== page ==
Here is a list of resources for credit reports:
The UltraFico Score
Fair Isaac Corporation, the creator the FICO credit score, has announced a new credit scoring system coming in early 2019. The new FICO score will factor in how consumers manage their checking, savings and money market accounts. This new score will be called the UltraFICO score.
Currently the FICO credit score does factor in how consumers manage their banking accounts or any income related information.
Why is this happening? Lenders are looking for new customers. Since lenders evaluate customers based on their credit score, taking into account how a consumer manages his/her checking and savings account, may help increase his/her credit score.
What does this mean for consumers? Consumers with a credit score in the upper 500s or lower 600s, who handle their bank accounts responsibly, are likely to see a 20-point increase in the new score according to Fair Isaac. Specifically, consumers who carry an average balance of $400 in their account and have not overdrawn their accounts in the prior three months, will see the increase. This boost in score may help the consumer gain access to credit.
How to Obtain Your Free Credit Reports
The Fair and Accurate Credit Transaction Act requires each of the national credit reporting agencies to provide you a free copy of your credit report every 12 months. The three national credit bureaus are Equifax, Experian, and Trans Union.
You can obtain your free report by going online to www.annualcreditreport.com. Make sure you spell this correctly. If you aren’t immediately notified the site is secure, do not enter any information. If you are using a public computer, we suggest you call or mail for your free copy. When you go to the site you will be asked a series of questions to ensure your identity.
You can receive a copy of your credit report by calling 1-877-322-8228. You can send for a copy of your credit report by filling out a form found on the Federal Trade Commission’s website at www.ftc.gov/credit. The mailing address is: Annual Credit Report Request Service P.O. Box 105281 Atlanta, GA 30348-5281. If you send for a copy of your credit report by mail, make sure you have a secure mailbox, one with a lock.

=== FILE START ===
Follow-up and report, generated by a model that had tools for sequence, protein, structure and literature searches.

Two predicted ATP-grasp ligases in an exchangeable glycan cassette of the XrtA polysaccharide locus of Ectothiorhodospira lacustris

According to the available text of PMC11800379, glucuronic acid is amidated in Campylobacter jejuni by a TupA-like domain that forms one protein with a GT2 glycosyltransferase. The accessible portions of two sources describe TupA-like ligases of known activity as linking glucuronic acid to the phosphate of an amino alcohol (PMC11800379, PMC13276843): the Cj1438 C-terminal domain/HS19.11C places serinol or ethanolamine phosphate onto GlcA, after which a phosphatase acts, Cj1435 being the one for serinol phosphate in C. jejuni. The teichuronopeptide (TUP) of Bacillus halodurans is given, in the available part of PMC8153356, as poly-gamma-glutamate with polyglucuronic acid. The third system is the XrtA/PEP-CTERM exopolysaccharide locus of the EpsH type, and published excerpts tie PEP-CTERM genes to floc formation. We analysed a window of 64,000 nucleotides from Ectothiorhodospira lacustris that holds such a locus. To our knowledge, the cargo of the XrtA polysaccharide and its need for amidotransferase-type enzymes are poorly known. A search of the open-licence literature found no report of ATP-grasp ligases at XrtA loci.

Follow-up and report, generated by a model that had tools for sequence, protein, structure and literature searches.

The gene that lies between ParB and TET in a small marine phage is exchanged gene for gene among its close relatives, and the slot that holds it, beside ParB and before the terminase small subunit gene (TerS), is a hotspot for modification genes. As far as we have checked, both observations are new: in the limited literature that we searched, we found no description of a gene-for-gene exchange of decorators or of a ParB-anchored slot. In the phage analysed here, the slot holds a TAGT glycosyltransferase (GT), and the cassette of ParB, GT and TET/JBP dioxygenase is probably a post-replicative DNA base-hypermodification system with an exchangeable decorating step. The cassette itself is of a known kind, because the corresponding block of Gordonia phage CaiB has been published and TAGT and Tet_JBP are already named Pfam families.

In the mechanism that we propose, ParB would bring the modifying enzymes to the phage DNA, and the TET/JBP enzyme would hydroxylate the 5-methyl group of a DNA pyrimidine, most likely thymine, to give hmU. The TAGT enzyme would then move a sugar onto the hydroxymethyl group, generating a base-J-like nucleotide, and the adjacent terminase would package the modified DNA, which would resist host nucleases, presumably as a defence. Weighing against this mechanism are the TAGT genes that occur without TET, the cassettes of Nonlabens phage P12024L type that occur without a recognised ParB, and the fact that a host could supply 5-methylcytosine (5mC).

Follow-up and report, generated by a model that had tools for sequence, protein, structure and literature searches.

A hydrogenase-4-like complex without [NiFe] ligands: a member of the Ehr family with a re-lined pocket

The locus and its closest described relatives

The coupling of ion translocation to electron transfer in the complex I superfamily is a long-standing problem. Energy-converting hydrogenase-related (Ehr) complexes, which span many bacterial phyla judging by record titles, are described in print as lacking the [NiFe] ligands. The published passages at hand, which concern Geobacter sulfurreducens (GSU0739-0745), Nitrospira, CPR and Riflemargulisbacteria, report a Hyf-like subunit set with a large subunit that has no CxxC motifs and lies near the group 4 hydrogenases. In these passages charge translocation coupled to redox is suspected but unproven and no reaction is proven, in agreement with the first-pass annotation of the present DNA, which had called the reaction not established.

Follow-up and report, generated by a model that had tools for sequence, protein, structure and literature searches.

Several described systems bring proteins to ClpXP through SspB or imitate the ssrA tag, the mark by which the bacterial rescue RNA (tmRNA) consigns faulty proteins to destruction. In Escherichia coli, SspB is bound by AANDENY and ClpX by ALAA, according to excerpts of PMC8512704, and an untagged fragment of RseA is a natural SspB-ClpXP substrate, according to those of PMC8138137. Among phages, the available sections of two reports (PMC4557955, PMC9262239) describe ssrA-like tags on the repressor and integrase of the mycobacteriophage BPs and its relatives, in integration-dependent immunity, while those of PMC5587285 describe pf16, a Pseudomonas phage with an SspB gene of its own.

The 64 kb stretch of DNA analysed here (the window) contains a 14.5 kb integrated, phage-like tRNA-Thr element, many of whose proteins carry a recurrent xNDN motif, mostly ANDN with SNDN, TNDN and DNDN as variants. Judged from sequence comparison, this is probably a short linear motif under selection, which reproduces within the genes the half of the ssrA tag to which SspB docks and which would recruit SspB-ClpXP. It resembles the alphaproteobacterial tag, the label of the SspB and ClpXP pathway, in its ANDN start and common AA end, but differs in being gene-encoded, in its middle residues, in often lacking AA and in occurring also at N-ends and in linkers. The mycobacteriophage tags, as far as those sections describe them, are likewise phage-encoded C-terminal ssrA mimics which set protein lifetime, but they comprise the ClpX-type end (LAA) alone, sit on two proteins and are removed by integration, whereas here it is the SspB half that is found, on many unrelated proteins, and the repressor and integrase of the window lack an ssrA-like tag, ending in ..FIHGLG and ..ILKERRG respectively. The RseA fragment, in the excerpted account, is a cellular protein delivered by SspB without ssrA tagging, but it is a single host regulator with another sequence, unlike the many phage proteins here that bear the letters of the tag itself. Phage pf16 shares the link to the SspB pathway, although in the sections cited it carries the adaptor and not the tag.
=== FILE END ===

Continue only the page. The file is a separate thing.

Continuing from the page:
Our suggestion is that you pull one credit report every four months. However, if you find any errors on your credit report, you may want to request a report from each of the credit bureaus. If you find errors on your credit report, you will want to follow each credit bureau’s process for notifying them of an error.
Correcting Errors on Your Credit Reports
Your credit report should be an accurate report of your accounts and how you have paid them. Even your identifying information should be accurate. This includes your address, previous address, employer, previous employer, etc., should all be accurate. No one checks your credit report for accuracy for you so it is important that you review your credit report and correct errors in it. The three national credit reporting agencies are: Equifax, Experian, and TransUnion. The credit reports may vary based on whether or not your creditors report to all agencies. Just because one credit report has an error on doesn’t mean the others will also have an error. The only way to know for sure is to pull all three credit reports.
You can do this by going to www.annualcreditreport.com. You are entitled to a free credit report for each agency every 12 months.
As you review your credit report, take into account that there have been a number of mergers among creditors and financial institutions. Could it be the account you are questions is now with a company that has merged. For example, if you had a MBNA account it may now show up as a Bank of America account. You might not have taken out a Bank of America account but since the merger it may show up differently. Mortgage loans are often sold. The bank, credit union, or mortgage company you originally purchased home from may no longer have the account so another creditor may show up. If the information is correct now, you don’t need to dispute these kinds of accounts.
If you believe an account on your credit report is not your account then you need to dispute it. Each of the three national credit reporting agencies have their own process for disputing an account. The easiest way is to go to each credit reporting agency and following their dispute process. The contact websites for each are: Equifax - www.equifax.com ; Experian - www.experian.com ; TransUnion - www.transunion.com.
On each site look for the words “personal” for services, since credit reporting agencies provides services for people and business. Then look for the word dispute. Each site will ask you for your personal information. You should have a copy of the credit report in front of you while you submit the dispute. Just follow the instructions on the site. There’s no cost to submit a dispute. You don’t need to purchase any services offered by the credit reporting agencies on their website.
Review your credit report yearly to make sure it is accurate. Don’t let an error on your credit report keep you from accessing additional credit.